Monday, June 25, 2007

Midsummer Paradise. "Songs of ancient wit and wisdom".

This is our place in Western Finland, Northern Satakunta. Or Mr HP's. We spent our Midsummer there, and this has already become a tradition.

Later we will go to other parts of Finland. My family has datchas in Southern part, the main one in Asikkala. We are quite busy in Summer trying to find some leasure time for all our summer places (4).

But we love to spend summer in Finland. Need to guess why?

I have just washed the dishes. And the fire is burning the food trash.

The backyard. Full of mushrooms, lingonberries and blackberries in autumn (late August – early October). Behind the forest (of Mr HP's) there are strawberry fields. Industrial ones. But nonetheless, they are beautiful, too.

And the front side. The grass has been cut... but not here.

My favourite place. A smallest hall. But cutest.

...and the same at night.


Want some good reading for summer? Try Kalevala, the most important book of ours. If you ever read it from the begining to the end, I shall reward you somehow.

(not from the beginning:)

WAINAMOINEN, ancient minstrel,
Passed his years in full contentment,
On the meadows of Wainola,
On the plains of Kalevala,
Singing ever wondrous legends,
Songs of ancient wit and wisdom,
Chanting one day, then a second,
Singing in the dusk of evening,
Singing till the dawn of morning,
Now the tales of old-time heroes,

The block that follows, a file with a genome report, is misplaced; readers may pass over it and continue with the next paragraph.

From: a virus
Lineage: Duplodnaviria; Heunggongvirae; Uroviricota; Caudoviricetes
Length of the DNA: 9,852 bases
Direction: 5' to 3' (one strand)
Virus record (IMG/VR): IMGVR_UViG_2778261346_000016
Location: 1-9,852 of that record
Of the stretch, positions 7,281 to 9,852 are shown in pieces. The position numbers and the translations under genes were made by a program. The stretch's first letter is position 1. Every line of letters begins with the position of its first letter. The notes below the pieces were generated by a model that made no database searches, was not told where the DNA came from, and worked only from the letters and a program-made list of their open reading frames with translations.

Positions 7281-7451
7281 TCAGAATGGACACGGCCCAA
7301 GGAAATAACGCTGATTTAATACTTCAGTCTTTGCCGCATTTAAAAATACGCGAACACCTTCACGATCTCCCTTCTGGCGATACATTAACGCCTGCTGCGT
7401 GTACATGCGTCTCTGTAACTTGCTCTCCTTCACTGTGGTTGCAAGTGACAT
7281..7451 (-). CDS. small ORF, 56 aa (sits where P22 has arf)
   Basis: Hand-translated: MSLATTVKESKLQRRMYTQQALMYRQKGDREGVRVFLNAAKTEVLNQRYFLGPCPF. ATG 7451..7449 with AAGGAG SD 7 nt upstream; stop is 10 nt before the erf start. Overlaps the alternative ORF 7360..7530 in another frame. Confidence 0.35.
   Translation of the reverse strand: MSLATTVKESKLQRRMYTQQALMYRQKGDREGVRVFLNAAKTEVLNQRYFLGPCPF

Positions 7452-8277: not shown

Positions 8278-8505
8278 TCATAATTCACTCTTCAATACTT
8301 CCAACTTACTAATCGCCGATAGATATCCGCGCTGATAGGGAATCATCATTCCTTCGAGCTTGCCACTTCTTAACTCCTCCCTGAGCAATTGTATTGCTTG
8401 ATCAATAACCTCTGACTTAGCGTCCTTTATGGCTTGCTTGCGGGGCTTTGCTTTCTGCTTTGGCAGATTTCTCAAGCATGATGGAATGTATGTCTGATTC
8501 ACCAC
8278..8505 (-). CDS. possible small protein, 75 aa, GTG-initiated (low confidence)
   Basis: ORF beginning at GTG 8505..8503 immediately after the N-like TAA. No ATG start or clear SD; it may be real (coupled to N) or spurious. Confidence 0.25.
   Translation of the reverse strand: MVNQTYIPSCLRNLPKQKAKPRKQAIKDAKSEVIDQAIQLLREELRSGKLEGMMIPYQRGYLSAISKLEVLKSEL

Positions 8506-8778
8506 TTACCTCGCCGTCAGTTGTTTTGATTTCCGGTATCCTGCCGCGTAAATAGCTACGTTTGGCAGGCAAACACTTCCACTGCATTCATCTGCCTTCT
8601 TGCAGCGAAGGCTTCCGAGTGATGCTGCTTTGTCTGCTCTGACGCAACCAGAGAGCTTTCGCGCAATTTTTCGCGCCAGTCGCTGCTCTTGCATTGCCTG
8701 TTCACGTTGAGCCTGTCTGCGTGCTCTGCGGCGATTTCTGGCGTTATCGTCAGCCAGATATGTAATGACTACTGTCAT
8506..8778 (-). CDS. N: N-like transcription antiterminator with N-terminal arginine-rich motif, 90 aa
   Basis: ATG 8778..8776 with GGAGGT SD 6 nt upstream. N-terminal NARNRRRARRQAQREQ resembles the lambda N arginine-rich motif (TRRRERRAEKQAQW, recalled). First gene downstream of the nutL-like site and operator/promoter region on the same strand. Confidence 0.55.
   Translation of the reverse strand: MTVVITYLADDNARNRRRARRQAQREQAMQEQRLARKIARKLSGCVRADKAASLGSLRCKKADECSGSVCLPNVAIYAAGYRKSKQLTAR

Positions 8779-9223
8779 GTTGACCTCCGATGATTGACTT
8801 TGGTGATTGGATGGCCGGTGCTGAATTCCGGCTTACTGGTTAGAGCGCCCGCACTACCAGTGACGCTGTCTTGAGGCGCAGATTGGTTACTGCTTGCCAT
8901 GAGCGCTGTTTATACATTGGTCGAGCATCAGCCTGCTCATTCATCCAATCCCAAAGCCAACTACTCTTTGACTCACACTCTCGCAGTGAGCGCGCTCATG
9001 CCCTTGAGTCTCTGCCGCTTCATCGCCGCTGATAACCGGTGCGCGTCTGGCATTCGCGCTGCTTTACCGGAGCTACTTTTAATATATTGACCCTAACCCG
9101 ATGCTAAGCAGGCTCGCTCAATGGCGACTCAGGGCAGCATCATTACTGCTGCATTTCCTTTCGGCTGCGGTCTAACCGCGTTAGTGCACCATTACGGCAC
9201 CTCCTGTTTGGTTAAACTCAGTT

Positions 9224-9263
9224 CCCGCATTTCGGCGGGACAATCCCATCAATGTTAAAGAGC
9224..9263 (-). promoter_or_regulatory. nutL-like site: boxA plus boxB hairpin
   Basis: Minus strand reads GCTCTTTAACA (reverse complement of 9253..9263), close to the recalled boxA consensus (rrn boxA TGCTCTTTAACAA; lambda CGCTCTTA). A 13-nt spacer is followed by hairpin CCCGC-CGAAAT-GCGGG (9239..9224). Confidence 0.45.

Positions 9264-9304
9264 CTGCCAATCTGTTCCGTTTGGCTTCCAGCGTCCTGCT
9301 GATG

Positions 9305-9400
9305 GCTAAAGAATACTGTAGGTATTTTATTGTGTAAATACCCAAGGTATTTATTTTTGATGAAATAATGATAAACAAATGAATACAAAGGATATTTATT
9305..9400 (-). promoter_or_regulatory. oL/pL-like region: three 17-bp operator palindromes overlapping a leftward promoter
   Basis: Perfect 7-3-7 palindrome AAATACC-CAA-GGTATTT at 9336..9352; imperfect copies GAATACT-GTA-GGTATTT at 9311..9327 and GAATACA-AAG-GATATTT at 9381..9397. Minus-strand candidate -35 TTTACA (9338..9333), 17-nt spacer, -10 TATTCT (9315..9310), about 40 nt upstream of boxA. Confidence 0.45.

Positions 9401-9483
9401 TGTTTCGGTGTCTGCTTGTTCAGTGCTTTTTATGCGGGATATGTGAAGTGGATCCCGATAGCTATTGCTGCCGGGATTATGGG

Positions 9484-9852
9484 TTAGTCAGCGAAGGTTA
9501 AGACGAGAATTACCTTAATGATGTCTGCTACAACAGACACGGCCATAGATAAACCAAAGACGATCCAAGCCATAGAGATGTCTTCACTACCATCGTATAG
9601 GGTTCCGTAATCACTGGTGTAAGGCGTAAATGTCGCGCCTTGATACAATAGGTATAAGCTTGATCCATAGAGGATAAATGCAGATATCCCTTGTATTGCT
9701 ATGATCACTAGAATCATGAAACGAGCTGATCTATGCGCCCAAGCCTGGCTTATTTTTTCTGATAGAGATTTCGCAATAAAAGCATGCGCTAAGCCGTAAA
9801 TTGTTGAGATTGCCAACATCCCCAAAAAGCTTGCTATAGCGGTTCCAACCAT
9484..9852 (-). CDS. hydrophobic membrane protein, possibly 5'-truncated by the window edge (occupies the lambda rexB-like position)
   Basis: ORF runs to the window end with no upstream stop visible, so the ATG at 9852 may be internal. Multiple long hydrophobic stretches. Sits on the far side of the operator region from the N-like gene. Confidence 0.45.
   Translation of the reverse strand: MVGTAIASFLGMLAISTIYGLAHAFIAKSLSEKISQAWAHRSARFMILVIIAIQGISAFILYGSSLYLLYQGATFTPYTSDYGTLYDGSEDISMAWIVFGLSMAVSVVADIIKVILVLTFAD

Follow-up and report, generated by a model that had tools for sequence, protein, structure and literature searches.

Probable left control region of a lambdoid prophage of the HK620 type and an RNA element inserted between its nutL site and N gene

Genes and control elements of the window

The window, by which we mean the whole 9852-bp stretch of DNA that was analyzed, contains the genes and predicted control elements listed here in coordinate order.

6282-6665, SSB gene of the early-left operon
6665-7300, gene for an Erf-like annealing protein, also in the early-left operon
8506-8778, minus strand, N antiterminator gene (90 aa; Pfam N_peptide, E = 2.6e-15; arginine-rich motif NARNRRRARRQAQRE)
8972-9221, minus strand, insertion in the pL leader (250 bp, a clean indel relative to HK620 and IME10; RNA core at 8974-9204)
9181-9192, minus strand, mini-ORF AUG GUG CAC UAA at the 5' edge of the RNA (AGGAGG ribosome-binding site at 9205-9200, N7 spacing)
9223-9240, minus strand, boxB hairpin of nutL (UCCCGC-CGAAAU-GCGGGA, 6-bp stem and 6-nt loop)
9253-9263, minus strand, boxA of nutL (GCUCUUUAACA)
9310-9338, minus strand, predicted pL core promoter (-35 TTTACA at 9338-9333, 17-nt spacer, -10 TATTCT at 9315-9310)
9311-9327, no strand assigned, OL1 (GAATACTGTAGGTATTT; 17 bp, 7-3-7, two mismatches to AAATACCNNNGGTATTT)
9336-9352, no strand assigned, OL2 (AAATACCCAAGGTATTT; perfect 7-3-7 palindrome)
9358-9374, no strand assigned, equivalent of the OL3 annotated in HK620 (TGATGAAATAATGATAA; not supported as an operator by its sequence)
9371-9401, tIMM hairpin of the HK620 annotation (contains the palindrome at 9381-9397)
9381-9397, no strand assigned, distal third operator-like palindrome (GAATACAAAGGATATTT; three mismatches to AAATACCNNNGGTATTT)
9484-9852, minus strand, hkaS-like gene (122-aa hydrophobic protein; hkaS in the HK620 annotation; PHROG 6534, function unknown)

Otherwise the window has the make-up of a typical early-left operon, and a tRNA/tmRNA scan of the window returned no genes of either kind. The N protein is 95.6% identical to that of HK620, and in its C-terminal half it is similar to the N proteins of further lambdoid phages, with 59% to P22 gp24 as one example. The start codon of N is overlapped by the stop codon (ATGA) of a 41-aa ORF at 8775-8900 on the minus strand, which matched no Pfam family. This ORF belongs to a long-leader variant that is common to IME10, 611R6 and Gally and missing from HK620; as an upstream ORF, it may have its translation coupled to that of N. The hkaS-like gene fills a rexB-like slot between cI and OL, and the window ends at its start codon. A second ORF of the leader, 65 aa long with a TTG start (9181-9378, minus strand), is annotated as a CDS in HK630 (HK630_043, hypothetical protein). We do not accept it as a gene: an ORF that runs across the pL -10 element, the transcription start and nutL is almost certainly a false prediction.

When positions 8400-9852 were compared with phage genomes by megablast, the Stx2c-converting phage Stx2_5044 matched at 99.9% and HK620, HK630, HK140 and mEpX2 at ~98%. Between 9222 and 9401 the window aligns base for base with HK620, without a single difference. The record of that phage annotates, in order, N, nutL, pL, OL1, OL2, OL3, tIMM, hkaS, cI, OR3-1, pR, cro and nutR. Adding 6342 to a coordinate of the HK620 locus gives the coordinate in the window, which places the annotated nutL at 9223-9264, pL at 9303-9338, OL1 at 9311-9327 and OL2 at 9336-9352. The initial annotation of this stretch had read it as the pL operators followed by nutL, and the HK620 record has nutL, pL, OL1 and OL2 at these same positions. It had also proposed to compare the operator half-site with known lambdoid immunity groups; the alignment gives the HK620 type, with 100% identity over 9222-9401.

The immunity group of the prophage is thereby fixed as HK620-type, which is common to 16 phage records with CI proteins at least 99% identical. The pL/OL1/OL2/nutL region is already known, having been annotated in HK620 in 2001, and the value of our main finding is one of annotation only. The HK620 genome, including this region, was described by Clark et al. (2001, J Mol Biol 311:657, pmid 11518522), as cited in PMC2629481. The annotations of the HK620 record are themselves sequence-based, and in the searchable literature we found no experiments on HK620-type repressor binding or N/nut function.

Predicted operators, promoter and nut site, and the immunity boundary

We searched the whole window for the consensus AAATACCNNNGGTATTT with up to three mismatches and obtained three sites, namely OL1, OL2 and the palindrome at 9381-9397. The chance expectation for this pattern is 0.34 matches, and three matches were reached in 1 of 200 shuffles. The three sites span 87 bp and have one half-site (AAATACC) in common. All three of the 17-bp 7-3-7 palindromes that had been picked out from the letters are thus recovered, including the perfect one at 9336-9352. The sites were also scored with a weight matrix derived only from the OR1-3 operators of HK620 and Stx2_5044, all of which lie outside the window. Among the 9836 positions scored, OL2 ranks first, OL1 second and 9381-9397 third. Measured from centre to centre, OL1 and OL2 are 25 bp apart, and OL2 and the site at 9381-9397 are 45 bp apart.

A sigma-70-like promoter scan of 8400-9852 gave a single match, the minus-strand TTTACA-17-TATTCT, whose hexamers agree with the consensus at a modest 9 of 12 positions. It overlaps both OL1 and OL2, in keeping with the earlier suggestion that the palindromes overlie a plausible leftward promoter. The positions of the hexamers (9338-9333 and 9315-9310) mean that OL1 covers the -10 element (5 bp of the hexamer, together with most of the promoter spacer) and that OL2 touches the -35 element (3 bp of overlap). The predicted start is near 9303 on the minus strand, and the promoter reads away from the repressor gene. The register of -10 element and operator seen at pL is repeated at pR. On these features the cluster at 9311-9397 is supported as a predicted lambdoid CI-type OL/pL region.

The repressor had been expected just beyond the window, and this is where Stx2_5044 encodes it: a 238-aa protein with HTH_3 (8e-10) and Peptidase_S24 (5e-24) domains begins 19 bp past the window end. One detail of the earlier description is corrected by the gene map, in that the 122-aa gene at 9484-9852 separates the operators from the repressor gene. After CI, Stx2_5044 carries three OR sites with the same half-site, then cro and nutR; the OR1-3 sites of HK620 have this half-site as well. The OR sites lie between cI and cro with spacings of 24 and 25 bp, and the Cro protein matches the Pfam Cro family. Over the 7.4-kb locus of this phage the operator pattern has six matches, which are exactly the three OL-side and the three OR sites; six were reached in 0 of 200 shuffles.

Tales of ages long forgotten,
Now the legends of creation,
Once familiar to the children,
By our children sung no longer,
Sung in part by many heroes,
In these mournful days of evil,
Evil days our race befallen.
Far and wide the story travelled,
Far away men spread the knowledge
Of the chanting of the hero,
Of the song of Wainamoinen;
To the South were heard the echoes,
All of Northland heard the story.

Far away in dismal Northland,
Lived the singer, Youkahainen,
Lapland's young and reckless minstrel,
Once upon a time when feasting,
Dining with his friends and fellows,
Came upon his ears the story
That there lived a sweeter singer,
On the meadows of Wainola,
On the plains of Kalevala,
Better skilled in chanting legends,
Better skilled than Youkahainen,
Better than the one that taught him.

Straightway then the bard grew angry,
Envy rose within his bosom,
Envy of this Wainamoinen,
Famed to be a sweeter singer;
Hastes he angry to his mother,
To his mother, full of wisdom,
Vows that he will southward hasten,
Hie him southward and betake him
To the dwellings of Wainola,
To the cabins of the Northland,
There as bard to vie in battle,
With the famous Wainamoinen.

"Nay," replies the anxious father,
"Do not go to Kalevala."

...and then Youkahainen starts to mess things up!

Miss Funnybunny has her childrens' Kalevala literature. She even listens to it on CD.

No comments: